What role for CCS in delivering just transitions? An evaluation in the North Sea region

Floris Swennenhuis, Leslie Mabon, Todd Allyn Flach, Heleen De Coninck

Research output: Contribution to journalArticle

Abstract

This paper assesses the role of carbon dioxide capture and storage (CCS) in addressing challenges in the energy transition in regions reliant on carbon-intensive industries for employment and as an economic base. The assessment is based on semi-structured interviews with relevant stakeholders and experts in the Aberdeen area in Scotland, the Rotterdam harbour (or Rijnmond) area in the Netherlands, and in Norway. The interviews explored challenges around the role of CCS in regional ‘just transitions’, or how to make the transformation of regions relying on carbon-intensive industries to a low-carbon society fair. While significant differences in responses between the Aberdeen area, the Rijnmond area and Norway were found, a common understanding showed that for CCS to contribute to a just transition it has to (a) make a contribution to climate change imperatives; (b) help to mitigate the economic and employment effects arising from declining or maturing industries; and (c) be undertaken in a manner that helps to redress (or at least does not increase) uneven vulnerabilities and inequalities in society. Five key themes that characterise the opportunities and challenges for CCS from a just transition perspective were drawn from the interviews: Skills for a just transition, transition as an opportunity, responsibility, scale of action and viability. We recommend that these are added to earlier work on barriers and enablers of CCS in areas relying on fossil industry.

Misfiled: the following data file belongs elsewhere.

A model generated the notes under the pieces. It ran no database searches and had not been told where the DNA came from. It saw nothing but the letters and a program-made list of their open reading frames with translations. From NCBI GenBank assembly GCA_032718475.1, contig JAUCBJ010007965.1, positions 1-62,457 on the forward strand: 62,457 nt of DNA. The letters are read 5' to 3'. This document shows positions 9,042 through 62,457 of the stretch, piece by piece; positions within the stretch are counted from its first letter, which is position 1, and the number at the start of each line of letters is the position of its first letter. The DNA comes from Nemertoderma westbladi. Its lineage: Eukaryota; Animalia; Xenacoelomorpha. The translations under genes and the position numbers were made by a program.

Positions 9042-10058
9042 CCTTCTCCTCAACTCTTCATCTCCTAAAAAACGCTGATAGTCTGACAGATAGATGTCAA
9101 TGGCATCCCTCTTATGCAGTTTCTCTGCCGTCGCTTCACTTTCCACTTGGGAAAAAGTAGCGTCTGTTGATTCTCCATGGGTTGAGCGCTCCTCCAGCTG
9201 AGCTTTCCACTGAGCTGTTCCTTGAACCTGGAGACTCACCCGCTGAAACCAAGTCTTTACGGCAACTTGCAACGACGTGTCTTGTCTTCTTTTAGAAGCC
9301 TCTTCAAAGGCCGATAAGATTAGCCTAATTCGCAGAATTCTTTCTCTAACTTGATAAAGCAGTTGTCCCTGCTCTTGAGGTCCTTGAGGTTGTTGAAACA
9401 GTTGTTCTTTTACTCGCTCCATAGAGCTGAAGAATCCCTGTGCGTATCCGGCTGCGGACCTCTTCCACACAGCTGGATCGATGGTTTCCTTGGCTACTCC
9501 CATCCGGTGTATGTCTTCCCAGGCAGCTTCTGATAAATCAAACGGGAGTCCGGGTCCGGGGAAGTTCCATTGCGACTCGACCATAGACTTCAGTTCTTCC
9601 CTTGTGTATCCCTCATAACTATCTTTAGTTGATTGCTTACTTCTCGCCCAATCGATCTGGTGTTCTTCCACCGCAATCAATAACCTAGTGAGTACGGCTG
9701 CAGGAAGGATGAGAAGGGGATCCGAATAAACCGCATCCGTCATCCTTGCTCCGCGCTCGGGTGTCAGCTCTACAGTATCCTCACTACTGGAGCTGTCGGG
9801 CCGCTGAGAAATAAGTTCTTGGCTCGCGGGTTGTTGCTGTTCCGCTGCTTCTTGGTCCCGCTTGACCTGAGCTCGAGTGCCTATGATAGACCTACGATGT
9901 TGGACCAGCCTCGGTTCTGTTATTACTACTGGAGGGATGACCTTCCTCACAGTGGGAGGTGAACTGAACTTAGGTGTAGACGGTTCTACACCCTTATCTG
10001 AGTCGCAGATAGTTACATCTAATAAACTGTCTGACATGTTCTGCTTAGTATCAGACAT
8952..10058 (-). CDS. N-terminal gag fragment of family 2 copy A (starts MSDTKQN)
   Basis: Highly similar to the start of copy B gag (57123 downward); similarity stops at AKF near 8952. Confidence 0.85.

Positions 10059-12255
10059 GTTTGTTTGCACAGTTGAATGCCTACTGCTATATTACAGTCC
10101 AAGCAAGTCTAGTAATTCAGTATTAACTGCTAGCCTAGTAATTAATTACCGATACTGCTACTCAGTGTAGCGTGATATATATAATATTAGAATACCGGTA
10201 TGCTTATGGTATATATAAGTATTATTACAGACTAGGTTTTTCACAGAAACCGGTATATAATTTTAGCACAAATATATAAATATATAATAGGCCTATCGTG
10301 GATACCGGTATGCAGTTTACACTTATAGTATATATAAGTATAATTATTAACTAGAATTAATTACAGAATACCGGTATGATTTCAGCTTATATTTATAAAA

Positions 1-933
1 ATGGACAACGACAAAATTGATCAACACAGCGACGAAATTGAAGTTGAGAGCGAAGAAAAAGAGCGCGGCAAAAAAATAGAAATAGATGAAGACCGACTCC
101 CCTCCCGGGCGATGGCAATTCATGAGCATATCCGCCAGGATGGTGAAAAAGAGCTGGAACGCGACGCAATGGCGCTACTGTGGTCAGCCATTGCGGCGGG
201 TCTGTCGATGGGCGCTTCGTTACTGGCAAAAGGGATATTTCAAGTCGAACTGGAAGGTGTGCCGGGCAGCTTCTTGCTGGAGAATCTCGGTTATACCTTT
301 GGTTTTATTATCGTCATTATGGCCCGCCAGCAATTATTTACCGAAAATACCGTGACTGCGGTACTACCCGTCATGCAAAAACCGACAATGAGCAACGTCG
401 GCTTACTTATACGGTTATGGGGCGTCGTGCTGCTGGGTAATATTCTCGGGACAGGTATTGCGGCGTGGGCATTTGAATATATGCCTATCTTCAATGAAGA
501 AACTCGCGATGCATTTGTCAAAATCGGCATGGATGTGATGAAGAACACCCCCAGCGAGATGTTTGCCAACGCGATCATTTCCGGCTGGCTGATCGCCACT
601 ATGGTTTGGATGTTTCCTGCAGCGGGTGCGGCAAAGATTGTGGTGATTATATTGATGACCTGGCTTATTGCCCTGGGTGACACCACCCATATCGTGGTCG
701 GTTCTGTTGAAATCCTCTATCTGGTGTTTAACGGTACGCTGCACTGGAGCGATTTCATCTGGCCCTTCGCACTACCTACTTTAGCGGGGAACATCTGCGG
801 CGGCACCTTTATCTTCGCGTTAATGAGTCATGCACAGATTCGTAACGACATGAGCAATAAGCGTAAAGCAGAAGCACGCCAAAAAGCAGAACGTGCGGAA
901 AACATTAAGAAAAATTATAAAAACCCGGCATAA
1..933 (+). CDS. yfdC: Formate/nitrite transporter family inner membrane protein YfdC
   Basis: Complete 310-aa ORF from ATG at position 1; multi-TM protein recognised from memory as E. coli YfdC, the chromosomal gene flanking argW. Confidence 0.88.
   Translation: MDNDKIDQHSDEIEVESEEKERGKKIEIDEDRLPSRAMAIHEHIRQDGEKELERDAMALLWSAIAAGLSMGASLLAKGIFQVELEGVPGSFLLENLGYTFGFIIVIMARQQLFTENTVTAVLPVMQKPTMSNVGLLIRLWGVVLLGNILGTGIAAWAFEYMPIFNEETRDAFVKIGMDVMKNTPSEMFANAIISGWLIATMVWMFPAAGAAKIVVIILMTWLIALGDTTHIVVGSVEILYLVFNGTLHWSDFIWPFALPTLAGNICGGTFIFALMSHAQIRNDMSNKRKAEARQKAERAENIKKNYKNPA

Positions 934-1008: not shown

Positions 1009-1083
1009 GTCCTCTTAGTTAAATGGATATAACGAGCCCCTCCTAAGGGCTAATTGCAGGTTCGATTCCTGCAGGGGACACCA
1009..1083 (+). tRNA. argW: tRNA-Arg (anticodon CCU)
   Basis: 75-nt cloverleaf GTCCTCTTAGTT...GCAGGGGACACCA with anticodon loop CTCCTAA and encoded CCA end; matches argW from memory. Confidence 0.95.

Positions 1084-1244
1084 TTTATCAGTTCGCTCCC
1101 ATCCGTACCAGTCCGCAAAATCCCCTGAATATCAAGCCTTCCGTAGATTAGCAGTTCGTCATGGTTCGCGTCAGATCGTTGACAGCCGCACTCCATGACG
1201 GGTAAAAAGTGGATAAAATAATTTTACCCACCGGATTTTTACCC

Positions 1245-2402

Original languageEnglish
Number of pages10
JournalINTERNATIONAL JOURNAL OF GREENHOUSE GAS CONTROL
Volume94
Early online date6 Dec 2019
DOIs
Publication statusPublished - 1 Mar 2020

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Keywords

  • ACORN project
  • Carbon dioxide capture and storage
  • Just transition
  • Regional policy
  • Stakeholder understanding
  • Regional development

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